{ 'code' : success_code, 'returned' : [return1, return2,...] }

where success_code is always 0 for a successful execution of the command, and non-zero for a failure; and returned is an array of optional elements which a command may return to the sender.
NOTE: If the execution fails, returned is always an array of string representing the STDERR.

The following table outlines all commands which can be sent to the daemon, any optional arguments to these commands, what the daemon then does on the server when it receives this command, and what, if any, is returned after execution.



Executed by Daemon



id - The id of the environment to make
template - A template file on the remote
machine to use for this new environment
username - CCIS user associated with environment

vzctl create id --ostemplate template;
Generate ssh key pair for username and copy public to environment
Generates login shell file for username
Adds username to /etc/passwd file
Adds username mapping to Apache config
vzctl start id;




Causes slave machine to check template files for changes
and fetch updates from host machine



id - The id of the environment to start

vzctl start id



id - The id of the environment to remove

vzctl stop id; vzctl remove id
















Web Hosting via Virtualization

CGI is an old paradigm in today's database-backed, framework-driven web. The CGI Box is limited, because well, you can't log in into it for security reasons. With virtualization, each user will get a machine to themselves with which they could potentially launch any framework in a secure manner.


  1. OpenVZ
  2. Apache + DNS
  3. Administration of #1 and #2
  4. Default images/templates for the VE's in OpenVZ


  1. Administration of OpenVZ
    • How would users request a VE?
    • How would the creation process of a VE be automated?
    • quotas?
  2. Default templates
    • requirements?
  3. firewall to close all ports except 22 and 80 (443)



On Ubuntu,

sudo apt-get install linux-openvz vzctl vzquota

linux-image-openvz is the precompiled kernel metapackage.
vzctl is the package for the OpenVZ control tool.
vzquota is the package for the OpenVZ quota management.

To build from source, click here.

To start, reboot into the new kernel.

Creating a Virtual Environment (VE)

sudo vzctl create <veid> --os-template <template_name> --ipadd <addr>

<veid> is the unique id for your VE.
<template_name> is the name of the template you want to use. All templates should reside in [/var/lib/vz/template/cache]. A template is a tar-gzip'ed file of a minimal / (root) directory.
<addr> is an ip address

Configuring the VE

sudo vzctl set <veid> --nameserver <addr> --searchdomain <domain> --save

<domain> should be equivalent to the search parameter in resolv.conf

sudo vzctl set <veid> --privvmpages P[:P]

where P is the number of pages (memory), the two numbers mean barrier:limit


user_beancounters (or UBC) file is critical to how OpenVZ manages resources.

Version: 2.5
       uid  resource           held    maxheld    barrier      limit    failcnt
        1:  kmemsize        1107385    2318349   11055923   11377049          0
            lockedpages           0          0        256        256          0
            privvmpages       41480      93087     131072     139264         36
            shmpages              6          6      21504      21504          0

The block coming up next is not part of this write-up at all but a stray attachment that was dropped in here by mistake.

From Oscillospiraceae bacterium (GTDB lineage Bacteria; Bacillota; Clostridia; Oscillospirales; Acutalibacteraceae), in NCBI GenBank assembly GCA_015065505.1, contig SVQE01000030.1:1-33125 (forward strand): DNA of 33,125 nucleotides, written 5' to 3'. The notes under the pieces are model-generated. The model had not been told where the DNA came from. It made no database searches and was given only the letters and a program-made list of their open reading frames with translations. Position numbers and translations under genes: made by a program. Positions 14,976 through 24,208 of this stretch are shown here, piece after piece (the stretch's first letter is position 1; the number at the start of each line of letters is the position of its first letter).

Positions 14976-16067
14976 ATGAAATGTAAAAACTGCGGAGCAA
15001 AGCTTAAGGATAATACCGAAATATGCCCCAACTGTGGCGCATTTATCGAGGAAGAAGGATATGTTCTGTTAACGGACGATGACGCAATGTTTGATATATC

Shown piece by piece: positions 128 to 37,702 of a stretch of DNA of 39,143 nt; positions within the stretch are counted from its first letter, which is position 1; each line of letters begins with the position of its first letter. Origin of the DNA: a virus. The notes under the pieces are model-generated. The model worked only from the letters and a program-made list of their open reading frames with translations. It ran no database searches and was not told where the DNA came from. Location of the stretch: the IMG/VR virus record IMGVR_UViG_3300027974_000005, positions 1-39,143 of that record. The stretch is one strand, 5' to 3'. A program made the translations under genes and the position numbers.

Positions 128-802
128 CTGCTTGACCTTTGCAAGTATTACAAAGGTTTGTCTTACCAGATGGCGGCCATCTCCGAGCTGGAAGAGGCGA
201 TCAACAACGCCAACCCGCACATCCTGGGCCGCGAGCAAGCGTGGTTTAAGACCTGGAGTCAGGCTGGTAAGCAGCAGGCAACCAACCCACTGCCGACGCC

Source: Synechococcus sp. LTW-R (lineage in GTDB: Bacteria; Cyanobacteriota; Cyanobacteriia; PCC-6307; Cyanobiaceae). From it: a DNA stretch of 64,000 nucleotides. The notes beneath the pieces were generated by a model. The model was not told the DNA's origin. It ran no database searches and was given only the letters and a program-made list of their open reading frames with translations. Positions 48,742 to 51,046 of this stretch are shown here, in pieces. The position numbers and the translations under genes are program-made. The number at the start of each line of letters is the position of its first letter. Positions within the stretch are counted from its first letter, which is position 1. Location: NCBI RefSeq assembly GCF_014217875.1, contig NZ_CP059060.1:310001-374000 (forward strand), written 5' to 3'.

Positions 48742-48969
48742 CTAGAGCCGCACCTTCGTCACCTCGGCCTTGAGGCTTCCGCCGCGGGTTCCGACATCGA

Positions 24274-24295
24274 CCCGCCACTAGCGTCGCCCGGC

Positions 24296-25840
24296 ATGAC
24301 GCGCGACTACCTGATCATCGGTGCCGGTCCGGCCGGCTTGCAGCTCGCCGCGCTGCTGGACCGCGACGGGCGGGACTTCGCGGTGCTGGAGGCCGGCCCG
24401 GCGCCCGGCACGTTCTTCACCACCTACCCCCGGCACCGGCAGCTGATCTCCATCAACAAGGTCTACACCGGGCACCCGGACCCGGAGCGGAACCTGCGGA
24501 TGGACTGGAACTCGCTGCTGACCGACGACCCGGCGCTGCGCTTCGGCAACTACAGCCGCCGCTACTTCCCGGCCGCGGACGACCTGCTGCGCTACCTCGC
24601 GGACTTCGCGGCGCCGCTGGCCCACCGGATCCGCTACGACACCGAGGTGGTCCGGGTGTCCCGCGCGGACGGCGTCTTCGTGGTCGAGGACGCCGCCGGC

dummy                 0          0          0          0          0
            numproc              18         31        240        240          0
            physpages         12565      77587          0 2147483647          0
            vmguarpages           0          0      33792 2147483647          0
            oomguarpages      12742      77765      26112 2147483647          0
            numtcpsock            3          5        360        360          0
            numflock              3          9        188        206          0
            numpty                1          2         16         16          0
            numsiginfo            0         11        256        256          0
            tcpsndbuf         26880      64960    1720320    2703360          0
            tcprcvbuf         49152     397248    1720320    2703360          0
            othersockbuf       8960      16640    1126080    2097152          0
            dgramrcvbuf           0       8384     262144     262144          0
            numothersock          5          7        360        360          0
            dcachesize        96520     114588    3409920    3624960          0
            numfile             438        581       9312       9312          0
            dummy                 0          0          0          0          0
            dummy                 0          0          0          0          0
            dummy                 0          0          0          0          0
            numiptent            10         10        128        128          0

The default setting was not enough to run rails, as you can see the failcnt at 36 for privvmpages.

Network Address Translation (NAT)

On the host machine,

sudo iptables -A POSTROUTING -t nat -s -o eth0 -j MASQUERADE

In this example, the VE's are located on the private network You can set up ip addresses of a running VE by

sudo vzctl set <VE_id> --ip <ip_address> --save

A VE is running at and the HN is set to, any packets sent by the VE will be broadcast to venet0 ( on the HN. Then, the broadcast address was set on venet0 to the ip of the physical eth0.

iface venet0 inet static
	broadcast <ip_address of eth0>

You also need to change the kernel configuration.

DNS inside the Virtual Environment

Edit /etc/resolv.conf to something like

/etc/resolv.conf from utopia

RewriteEngine on
RewriteMap openvz txt:/etc/apache2/

RewriteCond %{HTTP_HOST} ^(.*)\.example\.com$
RewriteRule ^/(.*) http://${openvz:%1}/$1 [P]

If the client asks for, the RewriteCond parses the subdomain (ve1), and then the RewriteRule searchs the RewriteMap to get a proxy ([P] is a proxy flag) to the internal ip address.


The Hardware Node will get *.<domain> and Apache will handle the *.

Web Sign-up and Automated Administration

Accessing Virtual Environments

Due to the environments being hidden behind NAT, users have no direct way to access their boxes from the outside. The only box who knows about the environments is blaine, so naturally, users should access blaine first to then access their individual environments. However, we do not want users to be able to mess around on blaine, nor do we want them to have to perform two ssh commands, remembering ofcourse the private IP address of their environment, just to do work. We want users to ssh blaine, but be transparently redirected to their own environments. This can be accomplished with the /etc/passwd file on blaine.

The cron script, upon sucessful sign-up, peforms the following:

$ echo "#!/bin/sh\nssh <username>@<private-ip>" > /home/users/<username>.sh
$ chmod +x /home/users/<username>.sh
$ useradd -s !$ <username>

When the user logs into blaine, <username>.sh will be executed, silently forwarding them to their own machine. When they are finished on their machine, the command exits, and they are automatically logged out of blaine.
Getting Started

  1. Ubuntu OpenVZ Docs
  2. Setting up a NAT
  3. Installation of OpenVZ
  4. iptables HOWTO
  5. template pty problem